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‘Drylands’ Preview – Jumping your way to your next Quest

TouchArcade Rating:

For people who grew up playing computer games in the late 80s and 90s, few games are spoken in a more venerable tone than Wasteland and the Fallout series (Wasteland‘s spiritual successor). These were games that gave players a post-apocalyptic playground to explore, back when the apocalypse wasn’t happening on TV every couple of days, and translated pen-and-paper RPG systems to computer games to help players develop and invest in their characters. Wasteland and the Fallout series directly or indirectly influenced the development of most RPGs in the last two decades and have even continued to spawn sequels to this day (Fallout: New Vegas was published in 2010 and, just last year, Wasteland finally got a sequel).

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I am one of those whose gaming memories are tied to most 90s RPGs, so when I read the description of Drylands, an upcoming game by Angry Bugs, a two-man development team from Argentina, I was immediately intrigued just like many members of our forums were. The developers describe the game as a post-apocalyptic RPG action platformer with pixel art graphics that draws inspiration from Fallout and Wasteland in its attempt to integrate deep quest systems and RPG mechanics with an action platformer. The game also includes Boss fights, computer hacking, as well as procedurally generated weapons’ stats with various rarities and elemental damage that make for a more strategic combat system. Add to these features a Fallout-like character customization system, where you can choose various character perks such as dual wielding, hacking, and bartering, and also lots of loot and secret stashes, and the game promises more complex gameplay mechanics than most other iOS games.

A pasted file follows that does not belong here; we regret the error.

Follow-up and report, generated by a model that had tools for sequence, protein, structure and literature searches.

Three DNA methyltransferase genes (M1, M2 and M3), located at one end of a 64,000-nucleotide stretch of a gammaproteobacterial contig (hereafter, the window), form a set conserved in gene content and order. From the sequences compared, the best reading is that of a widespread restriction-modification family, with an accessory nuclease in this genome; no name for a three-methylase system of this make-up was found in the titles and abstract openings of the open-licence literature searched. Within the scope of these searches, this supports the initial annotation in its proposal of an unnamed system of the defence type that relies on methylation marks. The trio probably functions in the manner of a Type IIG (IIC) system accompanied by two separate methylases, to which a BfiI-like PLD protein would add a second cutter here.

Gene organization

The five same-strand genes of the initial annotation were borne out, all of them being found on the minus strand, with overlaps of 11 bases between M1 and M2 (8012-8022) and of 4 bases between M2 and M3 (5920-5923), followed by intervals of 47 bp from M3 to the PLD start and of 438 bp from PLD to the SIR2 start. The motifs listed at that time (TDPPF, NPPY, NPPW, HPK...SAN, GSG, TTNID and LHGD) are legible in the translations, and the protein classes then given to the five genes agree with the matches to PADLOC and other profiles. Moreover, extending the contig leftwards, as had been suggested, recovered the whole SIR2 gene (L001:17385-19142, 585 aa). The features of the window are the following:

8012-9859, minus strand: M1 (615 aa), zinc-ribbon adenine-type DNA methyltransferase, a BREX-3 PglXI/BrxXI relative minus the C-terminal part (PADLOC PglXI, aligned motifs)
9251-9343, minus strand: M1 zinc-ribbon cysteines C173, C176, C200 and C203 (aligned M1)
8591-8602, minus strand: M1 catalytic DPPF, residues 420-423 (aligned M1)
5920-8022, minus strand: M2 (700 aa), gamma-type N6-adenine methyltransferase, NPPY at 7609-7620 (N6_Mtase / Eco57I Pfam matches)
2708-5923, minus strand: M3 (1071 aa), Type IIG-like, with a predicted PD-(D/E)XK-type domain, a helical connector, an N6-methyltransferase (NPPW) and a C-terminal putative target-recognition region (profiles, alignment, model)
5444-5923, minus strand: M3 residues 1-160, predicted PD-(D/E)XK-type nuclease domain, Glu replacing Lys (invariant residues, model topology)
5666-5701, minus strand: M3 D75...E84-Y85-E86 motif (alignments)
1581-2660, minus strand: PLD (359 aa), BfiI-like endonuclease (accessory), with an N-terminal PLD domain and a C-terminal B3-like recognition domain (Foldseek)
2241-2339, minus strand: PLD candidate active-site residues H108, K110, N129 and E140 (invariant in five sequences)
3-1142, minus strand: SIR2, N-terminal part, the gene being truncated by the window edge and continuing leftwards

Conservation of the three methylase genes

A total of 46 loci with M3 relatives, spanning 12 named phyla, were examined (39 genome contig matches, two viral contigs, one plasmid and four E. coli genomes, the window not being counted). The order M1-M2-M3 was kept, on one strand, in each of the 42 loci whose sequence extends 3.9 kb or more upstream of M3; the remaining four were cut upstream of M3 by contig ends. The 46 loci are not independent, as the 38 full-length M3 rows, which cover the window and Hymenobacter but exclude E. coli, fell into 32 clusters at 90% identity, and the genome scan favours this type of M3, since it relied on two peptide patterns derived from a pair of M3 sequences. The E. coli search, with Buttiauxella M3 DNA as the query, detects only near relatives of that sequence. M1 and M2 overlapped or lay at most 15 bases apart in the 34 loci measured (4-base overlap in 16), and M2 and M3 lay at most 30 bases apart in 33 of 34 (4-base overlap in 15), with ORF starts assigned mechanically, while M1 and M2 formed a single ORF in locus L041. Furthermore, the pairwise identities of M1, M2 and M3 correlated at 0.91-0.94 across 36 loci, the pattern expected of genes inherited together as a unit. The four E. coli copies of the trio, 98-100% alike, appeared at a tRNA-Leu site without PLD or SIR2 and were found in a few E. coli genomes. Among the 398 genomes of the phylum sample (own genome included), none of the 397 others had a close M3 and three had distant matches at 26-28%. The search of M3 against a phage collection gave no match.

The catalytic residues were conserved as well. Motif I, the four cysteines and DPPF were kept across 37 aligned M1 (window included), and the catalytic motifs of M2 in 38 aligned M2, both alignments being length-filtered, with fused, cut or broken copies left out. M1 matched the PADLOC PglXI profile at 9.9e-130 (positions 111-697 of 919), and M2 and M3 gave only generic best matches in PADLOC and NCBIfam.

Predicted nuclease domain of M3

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In my relatively brief time with the game, I found truth in the developers’ promises. The pixel art graphics do indeed bring the player back to the 90s, but at the same time they are quite crisp and the whole game runs in 60fps, making it smoother than a game with a 90s aesthetic has any right to be. The story up to the point I played was unveiled quite organically as I discovered snippets of backstory and information about the world’s current state in computer logs and during conversations with NPCs (again, reminiscent of Fallout games). The game doesn’t take itself too seriously, and the many humorous moments might give you a few silent chuckles (my favorite achievement so far is “Piss Off: Get Pissed Off."

So far I’ve had to do a few fetch quests (pretty expected for games of this genre), but at least I was fetching material for a purpose that made sense. For example, I had to find the various components needed to repair the Town Turret so the town could be protected by the raiders. I haven’t had to fetch three of these and ten of those so far, so I’m hopeful that the quest system will avoid these fillers that make RPGs drag. As I mentioned earlier, the character development system is built around various perks that you can level up to make your character play as you want him to. Don’t expect Fallout-depth character customization here, but the perks seem to do enough to customize your experience. The weapon system is also promising as it has an interesting rarity system and also includes grenade and shield mods.

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Of course, at the end of the day when a game calls itself an action platformer, it better play well otherwise it just becomes a clunky game wrapped in a wonderful array of game systems. Fortunately, I enjoyed the platforming part of Drylands as the virtual buttons are customizable, responsive, and allow you to control the character quite well. The running and gunning is fun overall, although I sometimes found my enemies to be slightly unpredictable and a bit on the dumb side (they have a tendency to blow things up and then run into the flames as if to sacrifice themselves for my enjoyment). On the whole, though, I enjoyed the platforming part of the game.

If the words Fallout and Wasteland trigger a Pavlovian response, if you enjoy your RPGs with a dash of platforming, or even if you simply want to enjoy a different experience than what iOS gaming primarily offers, you should keep an eye out for Drylands which should be coming to the App Store very soon.

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